DC Circuits and Capacitors
Students find the circuit rules can be difficult to get the hang of. It is a good idea to keep revisiting Kirchoff's Laws as you teach each aspect of the circuit:
- conservation of charge and energy in circuits
- relationships between currents, voltages and resistances in series and parallel circuits
- power dissipated
The idea of ratio in a potential divider circuit can throw some students. There are a number of different ways to calculate the effect of a potential divider circuit. However if students don't have a good grasp of the mathematical relationship they will struggle. It is a good idea to introduce potential dividers, then go back to teach internal resistance, then revisit potential dividers when the students are more confident:
- potential divider circuits
Capacitance is a good topic to introduce exponential decay as the decay curves are easily produced using data logging software:
- definition of capacitance
- energy of a capacitor
- quantitative treatment of charge and discharge curves
Whilst this list provides a source of information and ideas for experimental work, it is important to note that recommendations can date very quickly. Do NOT follow suggestions which conflict with current advice from CLEAPSS or recent safety guides. eLibrary users are responsible for ensuring that any activity, including practical work, which they carry out is consistent with current regulations related to Health and Safety and that they carry an appropriate risk assessment. Further information is provided in our Health and Safety guidance.
Links and Resources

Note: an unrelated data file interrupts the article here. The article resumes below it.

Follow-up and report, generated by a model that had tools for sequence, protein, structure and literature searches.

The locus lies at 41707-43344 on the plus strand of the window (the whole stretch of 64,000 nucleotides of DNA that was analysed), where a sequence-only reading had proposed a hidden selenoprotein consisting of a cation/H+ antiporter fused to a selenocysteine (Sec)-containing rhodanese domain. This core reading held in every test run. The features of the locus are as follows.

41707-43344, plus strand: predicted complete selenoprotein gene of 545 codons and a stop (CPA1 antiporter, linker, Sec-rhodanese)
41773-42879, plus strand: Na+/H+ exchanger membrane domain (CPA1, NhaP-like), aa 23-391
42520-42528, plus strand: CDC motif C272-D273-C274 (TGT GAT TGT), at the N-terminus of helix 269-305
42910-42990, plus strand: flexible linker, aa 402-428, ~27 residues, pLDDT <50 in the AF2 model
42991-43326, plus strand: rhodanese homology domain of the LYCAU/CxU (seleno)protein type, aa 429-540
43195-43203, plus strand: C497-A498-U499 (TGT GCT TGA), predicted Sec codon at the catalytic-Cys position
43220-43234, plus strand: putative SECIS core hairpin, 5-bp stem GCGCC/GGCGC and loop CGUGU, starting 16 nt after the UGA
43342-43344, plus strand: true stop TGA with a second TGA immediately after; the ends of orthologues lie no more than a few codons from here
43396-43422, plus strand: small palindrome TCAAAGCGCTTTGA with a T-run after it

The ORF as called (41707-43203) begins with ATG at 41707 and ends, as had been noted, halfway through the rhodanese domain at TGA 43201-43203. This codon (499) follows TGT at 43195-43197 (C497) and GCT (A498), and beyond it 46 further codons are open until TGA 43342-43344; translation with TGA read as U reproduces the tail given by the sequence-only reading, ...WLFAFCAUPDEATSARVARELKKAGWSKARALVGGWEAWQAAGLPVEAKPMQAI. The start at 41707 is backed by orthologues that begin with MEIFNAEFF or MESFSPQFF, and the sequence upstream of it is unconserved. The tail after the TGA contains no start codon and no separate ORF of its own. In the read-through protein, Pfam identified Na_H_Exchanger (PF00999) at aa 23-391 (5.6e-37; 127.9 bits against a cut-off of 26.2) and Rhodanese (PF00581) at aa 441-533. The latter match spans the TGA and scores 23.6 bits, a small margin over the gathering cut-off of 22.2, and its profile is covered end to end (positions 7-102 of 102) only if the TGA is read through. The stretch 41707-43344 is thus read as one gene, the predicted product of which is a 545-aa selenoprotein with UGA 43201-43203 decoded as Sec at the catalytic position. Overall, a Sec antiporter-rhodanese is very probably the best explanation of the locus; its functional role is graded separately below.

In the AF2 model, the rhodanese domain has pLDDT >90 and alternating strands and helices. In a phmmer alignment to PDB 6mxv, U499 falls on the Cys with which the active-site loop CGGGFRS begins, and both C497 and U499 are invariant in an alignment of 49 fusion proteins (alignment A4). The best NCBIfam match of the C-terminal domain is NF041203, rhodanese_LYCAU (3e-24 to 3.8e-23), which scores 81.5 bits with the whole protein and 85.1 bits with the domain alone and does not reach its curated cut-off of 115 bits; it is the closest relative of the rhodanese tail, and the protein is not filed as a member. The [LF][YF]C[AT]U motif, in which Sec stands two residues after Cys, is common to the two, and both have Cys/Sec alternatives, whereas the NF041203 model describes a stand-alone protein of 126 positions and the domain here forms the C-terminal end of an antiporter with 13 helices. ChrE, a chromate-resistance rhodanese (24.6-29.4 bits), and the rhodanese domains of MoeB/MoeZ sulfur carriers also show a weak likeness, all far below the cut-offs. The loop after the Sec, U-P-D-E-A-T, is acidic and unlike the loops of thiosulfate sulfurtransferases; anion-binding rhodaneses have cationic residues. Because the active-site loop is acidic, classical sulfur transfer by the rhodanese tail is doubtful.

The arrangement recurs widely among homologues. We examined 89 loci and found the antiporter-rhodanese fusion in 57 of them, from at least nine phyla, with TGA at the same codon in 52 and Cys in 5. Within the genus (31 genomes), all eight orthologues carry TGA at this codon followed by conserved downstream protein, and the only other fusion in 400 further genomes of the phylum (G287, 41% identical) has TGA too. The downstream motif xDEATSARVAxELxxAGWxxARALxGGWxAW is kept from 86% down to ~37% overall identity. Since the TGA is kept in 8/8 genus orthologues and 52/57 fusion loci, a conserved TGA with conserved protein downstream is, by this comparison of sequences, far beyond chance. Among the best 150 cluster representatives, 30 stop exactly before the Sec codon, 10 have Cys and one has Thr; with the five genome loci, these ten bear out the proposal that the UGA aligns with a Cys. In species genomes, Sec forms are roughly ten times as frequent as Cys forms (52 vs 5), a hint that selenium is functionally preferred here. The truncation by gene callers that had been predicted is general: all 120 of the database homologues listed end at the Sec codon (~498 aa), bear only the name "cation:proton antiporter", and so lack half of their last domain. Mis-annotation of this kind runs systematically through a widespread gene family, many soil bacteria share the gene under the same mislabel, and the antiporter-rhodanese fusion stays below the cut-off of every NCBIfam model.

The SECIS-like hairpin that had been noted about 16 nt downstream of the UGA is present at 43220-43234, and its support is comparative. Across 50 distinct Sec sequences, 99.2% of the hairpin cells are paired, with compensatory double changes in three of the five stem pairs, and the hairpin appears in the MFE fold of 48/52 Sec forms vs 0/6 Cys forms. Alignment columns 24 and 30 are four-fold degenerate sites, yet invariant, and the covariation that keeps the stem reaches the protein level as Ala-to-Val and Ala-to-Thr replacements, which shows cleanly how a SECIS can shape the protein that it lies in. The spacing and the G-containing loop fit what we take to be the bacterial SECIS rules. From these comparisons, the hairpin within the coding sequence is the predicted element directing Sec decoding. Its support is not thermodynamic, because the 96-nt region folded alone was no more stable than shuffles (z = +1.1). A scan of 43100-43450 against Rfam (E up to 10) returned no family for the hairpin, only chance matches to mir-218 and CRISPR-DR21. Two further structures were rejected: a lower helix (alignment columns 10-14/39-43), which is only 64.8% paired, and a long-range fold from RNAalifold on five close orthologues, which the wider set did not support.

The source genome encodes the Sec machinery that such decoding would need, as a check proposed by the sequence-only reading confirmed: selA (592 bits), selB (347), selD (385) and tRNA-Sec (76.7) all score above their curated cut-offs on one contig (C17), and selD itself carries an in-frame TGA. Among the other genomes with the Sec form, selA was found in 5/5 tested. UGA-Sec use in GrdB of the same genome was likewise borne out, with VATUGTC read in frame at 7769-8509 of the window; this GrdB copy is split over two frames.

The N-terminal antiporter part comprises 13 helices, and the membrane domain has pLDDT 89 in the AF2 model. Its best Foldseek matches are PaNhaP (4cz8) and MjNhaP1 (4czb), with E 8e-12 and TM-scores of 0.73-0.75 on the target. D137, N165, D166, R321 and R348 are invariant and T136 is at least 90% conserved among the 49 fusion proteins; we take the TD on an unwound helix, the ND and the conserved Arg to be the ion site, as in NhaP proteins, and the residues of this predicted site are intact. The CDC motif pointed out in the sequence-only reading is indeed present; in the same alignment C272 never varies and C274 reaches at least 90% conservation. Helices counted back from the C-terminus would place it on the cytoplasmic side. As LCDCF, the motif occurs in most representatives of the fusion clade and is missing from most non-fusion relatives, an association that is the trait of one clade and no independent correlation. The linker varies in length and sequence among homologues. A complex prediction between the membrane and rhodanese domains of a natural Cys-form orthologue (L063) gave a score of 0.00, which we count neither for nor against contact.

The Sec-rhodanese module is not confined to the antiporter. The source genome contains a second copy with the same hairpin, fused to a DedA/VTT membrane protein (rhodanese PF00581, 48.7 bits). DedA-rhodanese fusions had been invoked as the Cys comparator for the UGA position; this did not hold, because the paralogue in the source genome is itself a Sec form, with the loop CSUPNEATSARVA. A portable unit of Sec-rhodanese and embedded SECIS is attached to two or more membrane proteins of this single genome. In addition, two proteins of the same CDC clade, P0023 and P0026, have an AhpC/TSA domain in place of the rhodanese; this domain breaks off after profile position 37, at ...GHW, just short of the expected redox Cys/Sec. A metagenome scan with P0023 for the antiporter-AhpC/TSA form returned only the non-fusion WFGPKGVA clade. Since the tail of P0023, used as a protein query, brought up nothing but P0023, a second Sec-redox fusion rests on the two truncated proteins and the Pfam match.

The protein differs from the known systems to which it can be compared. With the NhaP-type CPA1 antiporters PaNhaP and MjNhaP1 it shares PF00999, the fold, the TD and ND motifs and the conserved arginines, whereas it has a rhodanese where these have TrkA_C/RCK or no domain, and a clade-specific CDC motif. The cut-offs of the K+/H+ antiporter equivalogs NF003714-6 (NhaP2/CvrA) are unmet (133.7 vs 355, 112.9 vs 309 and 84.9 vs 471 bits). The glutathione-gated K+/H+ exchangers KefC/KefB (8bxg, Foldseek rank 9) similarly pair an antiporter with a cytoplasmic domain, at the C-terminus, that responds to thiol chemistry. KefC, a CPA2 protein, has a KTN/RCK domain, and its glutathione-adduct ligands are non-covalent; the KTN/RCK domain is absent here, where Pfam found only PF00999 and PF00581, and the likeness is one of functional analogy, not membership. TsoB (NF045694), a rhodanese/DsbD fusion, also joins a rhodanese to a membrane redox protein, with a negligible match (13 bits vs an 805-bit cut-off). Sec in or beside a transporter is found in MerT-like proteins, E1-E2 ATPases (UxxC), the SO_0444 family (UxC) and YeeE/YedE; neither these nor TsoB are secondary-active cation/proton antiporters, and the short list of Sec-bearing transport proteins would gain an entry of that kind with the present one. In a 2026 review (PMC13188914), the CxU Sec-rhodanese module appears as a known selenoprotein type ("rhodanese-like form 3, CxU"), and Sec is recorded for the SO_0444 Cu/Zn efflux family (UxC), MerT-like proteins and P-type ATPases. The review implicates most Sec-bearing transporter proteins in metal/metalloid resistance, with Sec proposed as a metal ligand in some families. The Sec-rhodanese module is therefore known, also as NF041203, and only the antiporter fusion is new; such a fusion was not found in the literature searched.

This topic allows the students the chance to investigate series and parallel circuits and make measurements to see how the current and potential difference vary. They should have some idea about what happens when connecting components in series and parallel from GCSE, but they need to use the formula to calculate effective resistance. There are plenty of example questions.
Kirchhoff's Laws are fundamental to understanding circuit design. This resource covers both laws with experiment and questions. It is important that students know both the definition of the laws and the mathematical representation so that they can perform calculations of current and potential difference around the circuit.
Potential dividers are often poorly understood, and students often tie themselves up in knots trying to calculate the answer to sometimes trivial problems. This resource leads you through a logical set of steps and experiments to make sure that the topic is well understood. The experiments are fairly straight forward and the mathematics is well explained. The students need plenty of practice with sensor circuit questions.
This videos explains how to safely build a large scale capacitor using bin-bags, tin foil and an EHT power supply.
This is a dangerous demonstration. Students must not touch the capacitor when it is connected to the power supply and great care must be taken to discharge properly.
A very effective demonstration of the construction of the capacitor.
This resource contains instructions for the previous demonstration ( the bin-bag capacitor ) and other basic circuits to allow students to investigate what happens when a capicitor is charged or discharged.
This resource describes the construction of capacitors as well as introducing the equation C=Q/V.
There is an experiment to charge a capacitor with a constant current which is hard for the students to do, but good for developing their practical skills. This experiment allows students to better understand how a capacitor charges and to show the relationship between Q and C.
This resource has circuits to show the behaviour of capacitors in series and parallel and shows how to derive formulae for capacitors in series and parallel.
This resource is very thorough and explains in detail the decay equation of a discharging capacitor. There are plenty of questions for students to do and graphs to analyse.
There is also an excel spreadsheet that can be used to model the exponential decay which is a useful method for students to try as they get more hands on with the mathematical relationships.
There is a good description of common misconceptions at the beginning of this resource, as well as some practical resources.